(the Code) emphasises a duty of care that demands a genuine commitment to the welfare of the animals used in research, a respect for the contribution the animals make to research, and a desire to promote the well-being of animals.
The Governing Principles as stated in the Code are:
Respect for animals must underpin all decisions and actions involving the care and use of animals for
scientific purposes. This respect is demonstrated by:
(i) using animals only when it is justified
(ii) supporting the wellbeing of the animals involved
(iii) avoiding or minimising harm, including pain and distress, to those animals
(iv) applying high standards of scientific integrity
(v) applying Replacement, Reduction and Refinement (the 3Rs) at all stages of animal care and use:
(a) the Replacement of animals with other methods
(b) the Reduction in the number of animals used
(c) the Refinement of techniques used to minimise the adverse impact on animals
(vi) knowing and accepting one’s responsibilities.
1.2 The care and use of animals for scientific purposes must be subject to ethical review.
A judgement as to whether a proposed use of animals is ethically acceptable must be based on
information that demonstrates the principles in Section 1.1, and must balance whether the potential
effects on the wellbeing of the animals involved is justified by the potential benefits.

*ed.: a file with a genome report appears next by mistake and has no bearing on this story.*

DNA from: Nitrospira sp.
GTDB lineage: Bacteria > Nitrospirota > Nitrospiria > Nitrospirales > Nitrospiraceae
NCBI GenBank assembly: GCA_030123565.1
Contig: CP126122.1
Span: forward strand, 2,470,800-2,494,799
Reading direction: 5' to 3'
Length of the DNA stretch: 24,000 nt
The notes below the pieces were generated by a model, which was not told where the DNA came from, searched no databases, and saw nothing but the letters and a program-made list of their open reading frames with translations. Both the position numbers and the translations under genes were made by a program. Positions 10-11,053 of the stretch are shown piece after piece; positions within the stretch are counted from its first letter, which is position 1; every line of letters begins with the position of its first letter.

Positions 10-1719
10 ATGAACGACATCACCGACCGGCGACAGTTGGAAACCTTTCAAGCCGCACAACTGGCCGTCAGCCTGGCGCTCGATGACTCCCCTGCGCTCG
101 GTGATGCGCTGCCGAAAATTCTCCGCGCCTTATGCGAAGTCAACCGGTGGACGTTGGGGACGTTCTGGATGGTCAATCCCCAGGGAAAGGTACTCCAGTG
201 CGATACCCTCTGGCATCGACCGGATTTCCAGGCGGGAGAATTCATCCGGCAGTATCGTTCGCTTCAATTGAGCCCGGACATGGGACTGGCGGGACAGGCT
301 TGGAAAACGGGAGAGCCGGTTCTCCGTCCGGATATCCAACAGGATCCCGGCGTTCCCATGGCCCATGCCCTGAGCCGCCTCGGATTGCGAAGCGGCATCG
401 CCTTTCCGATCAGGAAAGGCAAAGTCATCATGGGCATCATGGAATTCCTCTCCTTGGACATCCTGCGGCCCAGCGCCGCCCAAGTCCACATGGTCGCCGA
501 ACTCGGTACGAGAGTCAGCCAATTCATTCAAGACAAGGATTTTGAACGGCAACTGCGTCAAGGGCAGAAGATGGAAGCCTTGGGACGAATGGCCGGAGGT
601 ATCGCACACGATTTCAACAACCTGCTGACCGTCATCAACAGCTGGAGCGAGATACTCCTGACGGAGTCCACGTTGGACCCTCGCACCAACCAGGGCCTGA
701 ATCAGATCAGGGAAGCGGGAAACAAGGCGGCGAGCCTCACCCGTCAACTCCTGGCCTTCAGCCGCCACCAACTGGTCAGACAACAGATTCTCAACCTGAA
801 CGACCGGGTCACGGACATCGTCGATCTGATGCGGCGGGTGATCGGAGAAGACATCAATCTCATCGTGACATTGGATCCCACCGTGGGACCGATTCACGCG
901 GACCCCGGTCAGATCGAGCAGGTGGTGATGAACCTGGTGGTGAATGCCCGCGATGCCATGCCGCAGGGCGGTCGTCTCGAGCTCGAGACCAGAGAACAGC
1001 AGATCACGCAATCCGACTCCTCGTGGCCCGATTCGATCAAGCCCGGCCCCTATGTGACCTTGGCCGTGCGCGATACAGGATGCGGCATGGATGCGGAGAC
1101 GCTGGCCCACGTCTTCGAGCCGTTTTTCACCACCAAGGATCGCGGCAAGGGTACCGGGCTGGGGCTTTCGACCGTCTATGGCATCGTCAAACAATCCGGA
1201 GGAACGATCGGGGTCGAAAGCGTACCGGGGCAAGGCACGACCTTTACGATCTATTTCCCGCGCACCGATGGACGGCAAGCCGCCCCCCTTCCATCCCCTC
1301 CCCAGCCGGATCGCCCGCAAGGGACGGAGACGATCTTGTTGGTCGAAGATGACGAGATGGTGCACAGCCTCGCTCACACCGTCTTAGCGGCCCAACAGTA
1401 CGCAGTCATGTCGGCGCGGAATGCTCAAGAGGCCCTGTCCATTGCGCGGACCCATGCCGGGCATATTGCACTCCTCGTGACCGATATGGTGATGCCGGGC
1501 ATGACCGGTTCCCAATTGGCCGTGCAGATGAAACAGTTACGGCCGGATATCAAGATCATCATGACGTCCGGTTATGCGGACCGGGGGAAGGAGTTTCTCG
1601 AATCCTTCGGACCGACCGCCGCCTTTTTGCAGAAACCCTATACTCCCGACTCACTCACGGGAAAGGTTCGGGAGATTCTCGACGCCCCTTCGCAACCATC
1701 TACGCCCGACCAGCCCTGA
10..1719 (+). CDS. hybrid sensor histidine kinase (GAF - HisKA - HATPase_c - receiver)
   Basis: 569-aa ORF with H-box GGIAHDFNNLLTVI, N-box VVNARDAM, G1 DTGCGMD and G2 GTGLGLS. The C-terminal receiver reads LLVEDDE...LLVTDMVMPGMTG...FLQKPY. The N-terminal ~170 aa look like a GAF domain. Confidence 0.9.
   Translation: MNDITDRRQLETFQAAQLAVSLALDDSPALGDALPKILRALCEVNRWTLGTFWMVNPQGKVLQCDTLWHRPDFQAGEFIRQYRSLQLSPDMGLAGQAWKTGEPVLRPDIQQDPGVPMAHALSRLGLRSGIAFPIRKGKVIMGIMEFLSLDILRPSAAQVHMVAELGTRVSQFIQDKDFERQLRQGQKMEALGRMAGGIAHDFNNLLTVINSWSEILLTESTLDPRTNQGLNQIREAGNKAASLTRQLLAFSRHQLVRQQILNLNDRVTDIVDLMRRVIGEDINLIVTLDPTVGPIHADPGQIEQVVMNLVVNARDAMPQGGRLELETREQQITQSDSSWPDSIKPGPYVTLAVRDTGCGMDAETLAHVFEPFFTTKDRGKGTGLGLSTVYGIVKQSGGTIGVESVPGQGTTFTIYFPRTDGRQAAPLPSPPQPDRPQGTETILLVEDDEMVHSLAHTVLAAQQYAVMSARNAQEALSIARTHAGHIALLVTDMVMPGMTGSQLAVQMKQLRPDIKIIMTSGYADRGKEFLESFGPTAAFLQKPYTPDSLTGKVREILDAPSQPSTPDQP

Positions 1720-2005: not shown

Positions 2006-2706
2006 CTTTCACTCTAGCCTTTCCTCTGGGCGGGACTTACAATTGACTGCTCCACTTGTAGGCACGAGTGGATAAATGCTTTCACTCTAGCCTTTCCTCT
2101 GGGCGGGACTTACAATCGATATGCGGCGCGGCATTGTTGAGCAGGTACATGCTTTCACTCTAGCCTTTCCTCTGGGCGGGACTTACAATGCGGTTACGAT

1.4 The obligation to respect animals, and the responsibilities associated with this obligation, apply
throughout the animal’s lifetime, including acquisition, transport, breeding, housing, husbandry,
use of the animal in a project, and provisions for the animal at the conclusion of their use.
Section 1 also outlines the importance of accepting responsibilities:
1.31 Institutions, AECs, and people involved in any aspect of the care and use of animals for scientific
purposes must be aware of and accept their responsibilities (see Section 2), and act in accordance
1.32 All activities, including projects, that involve the care and use of animals for scientific purposes must:
(i) be subject to ethical review, approval and monitoring by an AEC
(ii) commence only after approval has been granted by an AEC
(iii) be conducted in accordance with the AEC approval
(iv) cease if approval from the AEC is suspended or withdrawn.
The Three R's
The DPIPWE AEC applies the Code to all animal research applications. An important component of the AEC assessment is whether the application incorporates the major principles of the Code, the 'Three R's' - Replacement, Reduction and Refinement.
Encapsulated in the Code is the need in scientific and teaching activities to consider:
- the Replacement of animals with other methods;
- the Reduction in the number of animals used; and
- the Refinement of techniques used to reduce the adverse impact on animals.
1.18 Methods that replace or partially replace the use of animals must be investigated, considered and,
where applicable, implemented.
1.19 Before the use of animals is considered, all existing information relevant to the proposed aim(s),
including existing databases, must be examined. Replacement techniques that must be considered